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and Sequoia Capital. Getting these major venture capital firms to consider their request for US$25 million was a brazen move that typified the extraordinary confidence Larry and Sergey had in their company, but it was even bolder because they were only willing to give up 20% of Google, establishing a valuation of US$125 million for a one-year-old company without revenue. Moreover, to avoid giving any one party too much power on the Google board, they demanded that KPCB and Sequoia split the deal, something firms rarely do. But Larry and Sergey were adamant. The two firms ultimately acceded to their demands. Call it boldness, but the potentially unattainable goal was achieved. 4. Innovate, Innovate, Innovate Innovation is frequently associated with product and design but it also applies to other areas of corporate entrepreneurship, including the creation of unique revenue sources. Insisting on maintaining an open-source search engine, Sergey and Larry had to create a different mechanism for income generation. In late 1999 and early 2000, Google began testing a program to sell ad space on a Cost Per Mille basis, in which the advertiser pays for exposure of an ad to a specific audience, the dominant ad model of the time. “It didn’t generate much money”,

Sergey acknowledged. Declining to use banner ads, Google opted for their own model for selling text ads. AdWords, launched in October of 2000, allowed advertisers to create simple ads that would appear next to the subject being searched and the advertisers would only pay when someone actually searched the page where the ad appeared. Three years later, Google enhanced its advertising service by instituting a contenttargeted advertising program called AdSense, designed to identify the meaning of a web page and then automatically provide relevant ads. From the public’s perspective, this provided users with highly relevant ads, more specifically related to a specific web page’s content. Google’s press release called it an “innovative advertising technology.” Users found relevant advertising and advertisers received a fivefold increase in average click-through rates compared to traditional banner ads. Instead of taking the traditional route and selling access to their search engine, Sergey and Larry found a unique and innovative way to generate revenue. 5. Grasp The Full Picture Although the initial focus should be on the development of the core product, successful entrepreneurs like Larry and Sergey are constantly viewing and analysing the larger picture to stay ahead of the curve and determine what products and services can be built around the core, either through internal development or acquisitions. However, this does not shift the focus away from the company’s primary product. Google continuously upgrades its search engine to keep up with the growing mountain of data and number of surfers on the internet, but Sergey and Larry are casting a much wider net.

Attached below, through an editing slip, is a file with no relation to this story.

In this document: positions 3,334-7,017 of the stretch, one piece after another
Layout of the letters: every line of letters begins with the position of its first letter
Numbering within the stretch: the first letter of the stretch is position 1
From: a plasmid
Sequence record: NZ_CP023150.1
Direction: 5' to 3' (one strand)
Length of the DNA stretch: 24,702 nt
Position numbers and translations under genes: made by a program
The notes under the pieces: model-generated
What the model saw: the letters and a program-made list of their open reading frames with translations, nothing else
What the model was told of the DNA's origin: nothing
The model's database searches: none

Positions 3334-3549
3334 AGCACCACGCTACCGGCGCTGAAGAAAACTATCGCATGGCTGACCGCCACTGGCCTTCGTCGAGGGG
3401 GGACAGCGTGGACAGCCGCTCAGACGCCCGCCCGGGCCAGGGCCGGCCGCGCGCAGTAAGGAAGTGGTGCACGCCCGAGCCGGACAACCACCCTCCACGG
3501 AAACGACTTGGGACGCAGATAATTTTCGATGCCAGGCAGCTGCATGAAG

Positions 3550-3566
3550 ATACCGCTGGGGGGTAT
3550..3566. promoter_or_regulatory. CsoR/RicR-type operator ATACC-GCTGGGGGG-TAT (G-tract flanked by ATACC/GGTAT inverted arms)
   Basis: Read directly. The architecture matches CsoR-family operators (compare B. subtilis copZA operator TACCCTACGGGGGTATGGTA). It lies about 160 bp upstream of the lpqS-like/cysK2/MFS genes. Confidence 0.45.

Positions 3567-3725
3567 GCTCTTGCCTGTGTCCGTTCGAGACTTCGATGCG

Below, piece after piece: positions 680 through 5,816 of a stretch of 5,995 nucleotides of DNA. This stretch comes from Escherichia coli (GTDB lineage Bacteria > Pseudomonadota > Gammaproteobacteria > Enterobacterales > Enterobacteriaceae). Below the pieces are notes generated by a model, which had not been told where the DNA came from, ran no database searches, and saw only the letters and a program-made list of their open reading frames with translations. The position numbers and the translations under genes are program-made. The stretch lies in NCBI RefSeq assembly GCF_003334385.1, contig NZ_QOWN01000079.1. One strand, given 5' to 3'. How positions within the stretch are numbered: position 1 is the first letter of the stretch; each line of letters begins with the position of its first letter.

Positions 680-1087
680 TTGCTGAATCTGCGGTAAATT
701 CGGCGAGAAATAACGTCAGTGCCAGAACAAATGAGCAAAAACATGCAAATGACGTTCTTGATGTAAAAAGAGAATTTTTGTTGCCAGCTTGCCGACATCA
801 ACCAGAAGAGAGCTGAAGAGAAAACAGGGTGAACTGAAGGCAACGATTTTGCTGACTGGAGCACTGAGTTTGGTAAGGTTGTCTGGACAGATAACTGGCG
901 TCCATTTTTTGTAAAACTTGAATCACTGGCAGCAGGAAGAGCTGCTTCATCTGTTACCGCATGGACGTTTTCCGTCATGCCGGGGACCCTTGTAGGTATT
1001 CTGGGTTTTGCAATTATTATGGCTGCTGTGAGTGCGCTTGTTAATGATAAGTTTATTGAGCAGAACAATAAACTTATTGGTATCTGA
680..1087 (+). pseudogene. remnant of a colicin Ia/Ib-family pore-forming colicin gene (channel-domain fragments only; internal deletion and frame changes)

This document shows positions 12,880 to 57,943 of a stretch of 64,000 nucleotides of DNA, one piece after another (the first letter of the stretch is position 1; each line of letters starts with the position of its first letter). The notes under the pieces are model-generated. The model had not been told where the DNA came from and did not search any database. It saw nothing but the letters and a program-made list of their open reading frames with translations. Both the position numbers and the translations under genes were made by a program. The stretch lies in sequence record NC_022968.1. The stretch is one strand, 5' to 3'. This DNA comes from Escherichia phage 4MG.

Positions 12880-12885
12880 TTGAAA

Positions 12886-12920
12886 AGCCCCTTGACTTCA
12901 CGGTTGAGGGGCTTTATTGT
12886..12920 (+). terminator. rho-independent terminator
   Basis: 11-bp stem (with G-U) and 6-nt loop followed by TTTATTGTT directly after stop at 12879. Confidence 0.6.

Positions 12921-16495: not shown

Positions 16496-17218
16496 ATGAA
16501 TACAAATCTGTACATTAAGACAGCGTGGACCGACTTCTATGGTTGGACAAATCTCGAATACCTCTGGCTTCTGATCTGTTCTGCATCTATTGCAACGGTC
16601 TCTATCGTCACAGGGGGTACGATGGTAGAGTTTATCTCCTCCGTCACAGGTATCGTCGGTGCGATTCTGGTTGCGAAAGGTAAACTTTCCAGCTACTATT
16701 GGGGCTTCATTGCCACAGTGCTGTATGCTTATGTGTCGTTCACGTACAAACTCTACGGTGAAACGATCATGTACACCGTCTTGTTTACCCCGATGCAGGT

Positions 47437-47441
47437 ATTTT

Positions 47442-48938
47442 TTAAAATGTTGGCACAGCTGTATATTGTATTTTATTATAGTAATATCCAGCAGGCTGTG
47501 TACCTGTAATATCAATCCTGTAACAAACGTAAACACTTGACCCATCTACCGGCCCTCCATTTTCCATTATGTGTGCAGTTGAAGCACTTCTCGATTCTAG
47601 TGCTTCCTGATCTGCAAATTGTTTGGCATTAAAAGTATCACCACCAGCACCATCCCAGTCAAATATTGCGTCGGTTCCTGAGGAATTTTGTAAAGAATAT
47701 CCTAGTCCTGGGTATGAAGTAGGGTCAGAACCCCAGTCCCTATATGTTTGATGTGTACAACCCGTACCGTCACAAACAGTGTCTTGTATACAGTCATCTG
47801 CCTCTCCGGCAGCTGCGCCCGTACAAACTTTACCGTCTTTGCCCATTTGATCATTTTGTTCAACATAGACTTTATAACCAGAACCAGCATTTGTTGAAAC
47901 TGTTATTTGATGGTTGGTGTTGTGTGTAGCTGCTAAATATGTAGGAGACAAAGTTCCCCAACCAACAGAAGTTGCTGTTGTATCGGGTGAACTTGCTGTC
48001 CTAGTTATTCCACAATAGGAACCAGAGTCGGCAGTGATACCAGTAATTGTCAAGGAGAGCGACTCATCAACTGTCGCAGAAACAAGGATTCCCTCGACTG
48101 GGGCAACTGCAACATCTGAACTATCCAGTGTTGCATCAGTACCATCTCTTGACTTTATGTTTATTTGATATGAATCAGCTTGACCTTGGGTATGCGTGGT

While many of the products Google has introduced in the past decade are related to its search engine, they are also powerful in their own right. These include Gmail, Google Maps and GPS, Google Earth, Google News, Google Books and Google+, the newest social networking site. Google has also ventured into “emerging” businesses. Android, the internal operating system for cell phones, has become the biggest smartphone platform by worldwide shipments in the second quarter of 2011, with a 48% market share. And YouTube, the leading online video program is so popular that it now takes up 22% of all mobile bandwidth usage with more than two billion video views a week. YouTube contributes more than a billion dollars in annual revenue to Google. Nevertheless, Google’s search engine remains one of the globe’s most useful and utilitarian services. 6. Confidence Is Key Inventor Charles Kettering once said that people are often taken with new ideas so long as they are just like the old ones. Innovators are often met by skeptics who cannot see the potential for a new technology. It is important to discriminate between healthy criticism and those who are negative to new ideas they do not understand. To be successful, entrepreneurs must have absolute faith and confidence in their product and goals. Being told something cannot be done does not mean it cannot be done. Take it as a challenge, not a reason to quit or change direction. While at Stanford, Sergey and Larry developed BackRub, the first version of their search engine. At first they shopped BackRub to potential suitors, including Excite, AltaVista and Infoseek, but were met with indifference. “We spent a lot of time talking to people . . . trying to convince them our technology would give them an edge”, Larry said. “But no one really engaged with us. The crunch came when the CEO of a major search company said that search did not matter to him that much . . . That astonished me.” Undaunted, Larry and Sergey had sufficient confidence in their vision to forge ahead and establish Google.